Friday, May 27, 2016

Outlander's Stanley Weber Explains What Went Into the Comte St. Germain's Big Scene

By Lauren Piester, E! News

Stanley Weber as Le Comte St. Germain

See ya, St. Germain.

Outlander's French baddie met his end in the Starz hit, and he could not have suffered a less dignified death. As part of her payment to the king for getting her husband out of the Bastille, Claire helped in a sort of trial to determine if two men accused of black magic—her friend, Master Raymond, and her enemy, the Comte St. Germain—deserved to be punished.

She tried to get them all out of there alive by having them both drink a potion she knew would make them visibly suffer but not die, but Master Raymond had other plans. After he drank it, he spiked the fake poison with real poison, and sent St. Germain sputtering and writhing to the floor.

After weeks of torturing Claire and Jamie as payback for what he viewed as Claire's meddling that got his ships (and therefore his livelihood) destroyed, St. Germain definitely deserved something, but did he deserve this? His portrayer, Stanley Weber, seems to think so.

"I guess that's fair enough," Weber tells E! News. "It's all a matter of perspective, isn't it? I had every good reason to be angry at them, and every good reason to seek revenge. So once I started to go on this rage and this journey of vengeance and really really bad things, I was asking myself, well, actually I think this guy is enjoying the challenge."

The challenge is made even more enjoyable by the people he's fighting against, who are just as clever as he is.

"I think he sees [Claire and Jamie] as good enemies, good people to be fighting against, so I think there is a sort of like almost unhealthy excitement about it, about fighting those two and trying to do some terrible things to them," Weber says. "So when it comes to that last scene and he gets stuck in this thing, I guess yeah, that's fair enough, and he looks at her and he's like, well played. You beat me, and I wouldn't think that anyone could beat me."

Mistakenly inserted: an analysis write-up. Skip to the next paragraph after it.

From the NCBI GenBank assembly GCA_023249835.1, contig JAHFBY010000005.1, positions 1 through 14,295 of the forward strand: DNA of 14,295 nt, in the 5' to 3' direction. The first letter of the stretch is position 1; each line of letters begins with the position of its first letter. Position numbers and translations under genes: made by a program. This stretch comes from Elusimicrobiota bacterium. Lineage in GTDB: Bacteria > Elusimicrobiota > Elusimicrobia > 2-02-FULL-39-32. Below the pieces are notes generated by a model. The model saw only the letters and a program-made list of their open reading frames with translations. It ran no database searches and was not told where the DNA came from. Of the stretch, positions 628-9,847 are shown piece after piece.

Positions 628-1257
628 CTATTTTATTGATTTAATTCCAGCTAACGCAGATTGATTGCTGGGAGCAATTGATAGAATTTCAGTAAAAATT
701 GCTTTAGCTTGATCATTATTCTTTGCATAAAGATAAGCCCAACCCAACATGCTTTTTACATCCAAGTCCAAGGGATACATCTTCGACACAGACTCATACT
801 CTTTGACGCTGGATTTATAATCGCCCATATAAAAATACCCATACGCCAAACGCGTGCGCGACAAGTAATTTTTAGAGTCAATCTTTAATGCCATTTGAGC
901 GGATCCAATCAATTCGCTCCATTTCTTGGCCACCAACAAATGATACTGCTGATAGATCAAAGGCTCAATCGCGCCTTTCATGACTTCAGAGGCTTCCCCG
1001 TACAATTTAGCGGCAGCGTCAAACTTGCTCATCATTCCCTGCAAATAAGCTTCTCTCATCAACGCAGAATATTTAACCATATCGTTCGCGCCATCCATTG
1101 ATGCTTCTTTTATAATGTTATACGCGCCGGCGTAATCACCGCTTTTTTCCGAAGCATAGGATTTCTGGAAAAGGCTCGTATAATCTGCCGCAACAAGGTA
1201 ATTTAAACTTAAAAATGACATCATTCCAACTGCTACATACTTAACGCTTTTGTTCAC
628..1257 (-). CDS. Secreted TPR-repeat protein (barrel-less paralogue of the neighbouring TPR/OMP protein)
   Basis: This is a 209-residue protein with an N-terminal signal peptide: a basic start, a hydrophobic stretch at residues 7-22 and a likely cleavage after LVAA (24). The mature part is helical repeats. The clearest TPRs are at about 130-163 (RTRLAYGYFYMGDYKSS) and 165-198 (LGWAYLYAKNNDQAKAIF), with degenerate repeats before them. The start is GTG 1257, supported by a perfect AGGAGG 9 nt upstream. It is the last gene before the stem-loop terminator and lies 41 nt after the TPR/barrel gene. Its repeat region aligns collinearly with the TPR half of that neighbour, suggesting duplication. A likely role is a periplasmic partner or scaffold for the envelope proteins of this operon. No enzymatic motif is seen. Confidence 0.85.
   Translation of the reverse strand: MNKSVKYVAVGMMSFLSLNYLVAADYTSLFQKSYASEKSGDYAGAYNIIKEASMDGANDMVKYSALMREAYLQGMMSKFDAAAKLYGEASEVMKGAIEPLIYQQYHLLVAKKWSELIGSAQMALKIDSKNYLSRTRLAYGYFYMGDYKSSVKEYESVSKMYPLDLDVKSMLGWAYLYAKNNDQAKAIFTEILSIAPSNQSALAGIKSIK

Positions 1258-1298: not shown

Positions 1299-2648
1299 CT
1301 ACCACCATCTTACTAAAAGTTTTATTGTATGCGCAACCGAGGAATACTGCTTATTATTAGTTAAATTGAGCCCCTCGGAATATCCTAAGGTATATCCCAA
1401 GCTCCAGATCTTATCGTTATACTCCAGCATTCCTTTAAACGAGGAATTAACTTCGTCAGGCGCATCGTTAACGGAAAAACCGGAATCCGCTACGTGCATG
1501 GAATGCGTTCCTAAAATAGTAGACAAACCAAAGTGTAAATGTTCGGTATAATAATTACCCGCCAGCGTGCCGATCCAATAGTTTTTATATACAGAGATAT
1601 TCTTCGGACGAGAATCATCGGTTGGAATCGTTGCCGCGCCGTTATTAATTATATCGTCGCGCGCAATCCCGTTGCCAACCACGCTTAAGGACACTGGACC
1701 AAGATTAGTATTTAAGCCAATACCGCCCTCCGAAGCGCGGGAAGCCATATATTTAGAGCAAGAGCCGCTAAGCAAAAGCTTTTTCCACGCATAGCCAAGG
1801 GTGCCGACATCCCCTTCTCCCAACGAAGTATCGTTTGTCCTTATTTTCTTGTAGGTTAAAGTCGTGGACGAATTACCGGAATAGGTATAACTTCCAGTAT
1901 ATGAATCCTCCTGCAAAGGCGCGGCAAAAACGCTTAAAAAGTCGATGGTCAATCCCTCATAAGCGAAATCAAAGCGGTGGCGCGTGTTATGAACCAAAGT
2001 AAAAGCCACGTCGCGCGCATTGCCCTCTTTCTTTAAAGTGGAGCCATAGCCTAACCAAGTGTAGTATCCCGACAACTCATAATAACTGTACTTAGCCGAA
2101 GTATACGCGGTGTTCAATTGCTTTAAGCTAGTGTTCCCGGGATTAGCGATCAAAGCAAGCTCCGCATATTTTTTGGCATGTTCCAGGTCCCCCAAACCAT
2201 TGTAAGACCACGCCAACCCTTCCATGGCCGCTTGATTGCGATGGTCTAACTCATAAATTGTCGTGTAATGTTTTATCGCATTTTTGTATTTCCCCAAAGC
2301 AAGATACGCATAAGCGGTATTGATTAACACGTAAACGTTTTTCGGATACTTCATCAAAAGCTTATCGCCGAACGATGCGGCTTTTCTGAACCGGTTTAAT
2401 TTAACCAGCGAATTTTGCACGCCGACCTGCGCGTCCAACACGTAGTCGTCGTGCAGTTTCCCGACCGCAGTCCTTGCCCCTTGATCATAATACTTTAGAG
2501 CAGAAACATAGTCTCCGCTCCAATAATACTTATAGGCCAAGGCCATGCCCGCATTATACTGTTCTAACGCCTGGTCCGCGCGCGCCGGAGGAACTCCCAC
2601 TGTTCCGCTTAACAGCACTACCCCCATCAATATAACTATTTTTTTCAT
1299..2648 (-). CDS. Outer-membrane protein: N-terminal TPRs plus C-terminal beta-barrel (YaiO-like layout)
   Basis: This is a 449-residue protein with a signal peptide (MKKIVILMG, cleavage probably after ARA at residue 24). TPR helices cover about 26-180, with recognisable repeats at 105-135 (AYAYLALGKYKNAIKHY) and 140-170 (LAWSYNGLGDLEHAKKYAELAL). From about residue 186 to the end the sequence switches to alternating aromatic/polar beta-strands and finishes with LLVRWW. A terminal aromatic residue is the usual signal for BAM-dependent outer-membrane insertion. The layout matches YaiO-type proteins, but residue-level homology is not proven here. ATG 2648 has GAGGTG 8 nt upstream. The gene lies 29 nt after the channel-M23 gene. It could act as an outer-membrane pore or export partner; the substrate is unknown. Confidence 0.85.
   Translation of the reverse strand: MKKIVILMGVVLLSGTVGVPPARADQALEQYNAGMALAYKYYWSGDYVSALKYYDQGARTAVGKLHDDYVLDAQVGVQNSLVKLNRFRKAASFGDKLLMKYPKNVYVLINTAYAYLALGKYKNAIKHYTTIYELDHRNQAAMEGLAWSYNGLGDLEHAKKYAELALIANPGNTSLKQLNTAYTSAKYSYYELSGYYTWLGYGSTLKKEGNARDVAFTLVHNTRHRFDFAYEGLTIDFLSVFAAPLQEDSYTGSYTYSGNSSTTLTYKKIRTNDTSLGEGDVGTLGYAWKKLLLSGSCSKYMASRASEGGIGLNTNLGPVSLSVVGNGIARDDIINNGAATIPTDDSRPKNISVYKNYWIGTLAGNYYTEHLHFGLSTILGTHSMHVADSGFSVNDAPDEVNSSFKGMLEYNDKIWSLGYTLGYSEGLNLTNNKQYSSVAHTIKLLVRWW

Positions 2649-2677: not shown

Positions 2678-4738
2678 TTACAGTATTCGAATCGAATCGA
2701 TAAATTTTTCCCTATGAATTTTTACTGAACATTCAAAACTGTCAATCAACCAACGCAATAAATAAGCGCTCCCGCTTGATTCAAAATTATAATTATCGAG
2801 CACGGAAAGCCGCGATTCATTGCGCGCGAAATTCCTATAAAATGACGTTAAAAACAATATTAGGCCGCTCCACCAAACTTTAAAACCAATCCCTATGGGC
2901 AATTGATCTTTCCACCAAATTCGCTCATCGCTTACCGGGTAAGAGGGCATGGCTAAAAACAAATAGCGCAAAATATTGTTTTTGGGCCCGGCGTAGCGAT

If St. Germain looked like he was having a great time being a villain, that's because Weber really was—in part because of the character, and in part because of the environment on set.

"I was having so much fun with my cane, walking around, taking myself so seriously, being angry at everyone, that was the most enjoyable thing ever," he tells us. "I think acting's all about being deeply connected to your inner child. The child you were back then, he didn't have any boundaries. He was free for real, to do or to try anything. That's even easier when you're working on such an easy and comfortable set."

Weber says he didn't know what to expect, jumping into such a big, global phenomenon of a production, and it took him a while to find that "inner child."

"When you don't have all the layers on that you have in society, walking around on the street pretending to be this guy that you're not—like I was doing the first day on set, I was just smoking a cigarette outside trying to look cool, because this is what we do when we're French—when you get rid of all of this, and your mind is actually much more connected to your heart and your body, there are so many surprising things that can happen, and they're the beautiful things about acting."

Weber's biggest scene this season was arguably his death scene, which is a notoriously hard kind of scene for any actor to pull off. St. Germain's death in particular was extremely dramatic, accompanied by dramatic camera work, and clearly a lot of thought had to go into it.  

"I've seen people on death's bed, but I haven't seen anyone dying live, so it's a very hard thing to imagine," Weber says. "You don't really prepare for that. Yeah, you prepare mentally and you try to of course do some research about what sort of poison it is, what sort of pain it's going to cause. What is going to be the body feeling where the poison is going to get stuck and start to spread in your body? Then, you work in your body language and physically to have a sort of fire spreading in your body so you can actually feel your bones shaking. You don't want to make it impressive or sensational, you just want to make it believable. That's the most important thing, and for that, you just try to stay humble and truthful to the character and to the people around you."

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